President-elect Duterte through the eyes of his mentor
Khaleej Times got in touch with his mentor Jose Maria Sison, the founder of the Communist Party of the Philippines and Duterte's former college professor.
Rodrigo Duterte - who is known for his deadpan wit and wry humour - describes himself as the first leftist-socialist Philippine president. What does he stand for? What do people expect from the presumptive 16th President of the Philippines?
Khaleej Times got in touch with his mentor Jose Maria Sison, the founder of the Communist Party of the Philippines and Duterte's former college professor, to get a glimpse of his political ideology and upcoming plans.
In an online interview, Sison outlines the policies the Davao City mayor, an open critic of the outgoing Aquino regime, is likely to adopt to establish law and order in the country. The former professor has a message for Duerte opponents who call him the Asian Trump: Duterte will be Philippines' Hugo Chavez.
Remembering the early days of the anti-oligarch, who advocates extra-judicial killings to eradicate criminality in society, 77-year-old Sison said: "As a student, he was modest and laid back but he learned much. I am very proud to have a part in his political moulding against imperialism and the local oligarchs.
"I hope that he will actually serve the Filipino people in their fight for national liberation, democracy, social justice, development.
"(Duterte) was my student in Political Thought at the Lyceum of the Philippines in the late 1960s. He became a member of the Kabataang Makabayan (patriotic Filipino youth group)," Sison added.
Sison, who has been living as a political exile with his family in The Netherlands for the past three decades, said: "I will return to the Philippines if Duterte fulfils his promise to visit me.
"I can easily return home if Duterte releases all the political prisoners unjustly imprisoned by (former president) Gloria Macapagal-Arroyo and (outgoing) President Benigno Aquino Jr. and if there is an agreement on mutual ceasefire, cooperation and the acceleration of the peace negotiations to address the roots of the civil war."
Speaking from Utrecht, Sison admitted that "the (Philippine) Left contributed to the victory of Duterte because it opposed the US-backed Aquino regime strongly and for a long time against its puppetry, corruption, brutality and mendacity."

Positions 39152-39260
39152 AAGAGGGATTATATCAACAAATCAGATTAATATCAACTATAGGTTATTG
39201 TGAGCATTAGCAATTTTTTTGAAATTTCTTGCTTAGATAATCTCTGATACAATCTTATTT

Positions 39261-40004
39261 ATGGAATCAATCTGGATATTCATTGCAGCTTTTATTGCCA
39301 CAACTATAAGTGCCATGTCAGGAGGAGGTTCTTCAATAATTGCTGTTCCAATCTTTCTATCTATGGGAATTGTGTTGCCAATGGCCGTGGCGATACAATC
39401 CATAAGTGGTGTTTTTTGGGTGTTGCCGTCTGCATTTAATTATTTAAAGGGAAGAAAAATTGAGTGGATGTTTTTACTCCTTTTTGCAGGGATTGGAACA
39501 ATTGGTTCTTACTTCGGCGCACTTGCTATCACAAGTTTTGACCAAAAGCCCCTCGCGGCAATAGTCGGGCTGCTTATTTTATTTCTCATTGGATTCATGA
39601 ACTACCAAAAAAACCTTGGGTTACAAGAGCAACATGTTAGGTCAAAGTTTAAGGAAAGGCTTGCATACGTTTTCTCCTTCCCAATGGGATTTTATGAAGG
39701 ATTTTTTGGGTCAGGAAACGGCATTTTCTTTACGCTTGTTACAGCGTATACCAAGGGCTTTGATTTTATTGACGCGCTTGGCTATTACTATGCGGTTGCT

Speaking from Utrecht, Sison said: "Duterte became a landslide winner because he responded to the people's clamour for change and became their voice to protest against the Aquino regime, its corruption and criminality, especially the widespread drug trade.
Not an Asian Trump
The exiled communist leader also cautioned those calling Duterte as the 'Asian Trump'.
"Instead of analysing any kind of name-calling, I would rather test and find out soon how far he can serve the best interests of the Filipino people," Sison said.
"I give him the benefit of a doubt when I prefer to wish that he proves himself a true leftist like Hugo Chavez (former socialist president of Venezuela). I also enjoy much of his sense of humour but not necessarily all his jokes."
Champion of peace
During the campaign period Duterte vowed to order an immediate ceasefire to pave the way for the resumption of peace talks with communist rebels and militant groups in Mindanao, south of Philippines. "The revolutionary forces will be very often in touch with Duterte after an agreement is made on mutual ceasefire, cooperation and acceleration of peace negotiations. We shall have reciprocal advisers and liaison officers."
"The Makabayan (progressive) bloc (in congress) will support all the patriotic and progressive policies and acts of the Duterte presidency. I hope that there will be a government of national unity, peace and development.
On his campaign against criminality, Sison said: "I think that the campaign against criminality can be carried out without violating human rights. Only those armed and dangerous suspects who violently resist arrest can be killed by the arresting police units.
Duterte has repeatedly made this point clear. He has even taunted the racist policemen in the US for whimsically killing Blacks."
No doubt, the new president's biggest challenge is how to bring about social justice and equitable economic development.
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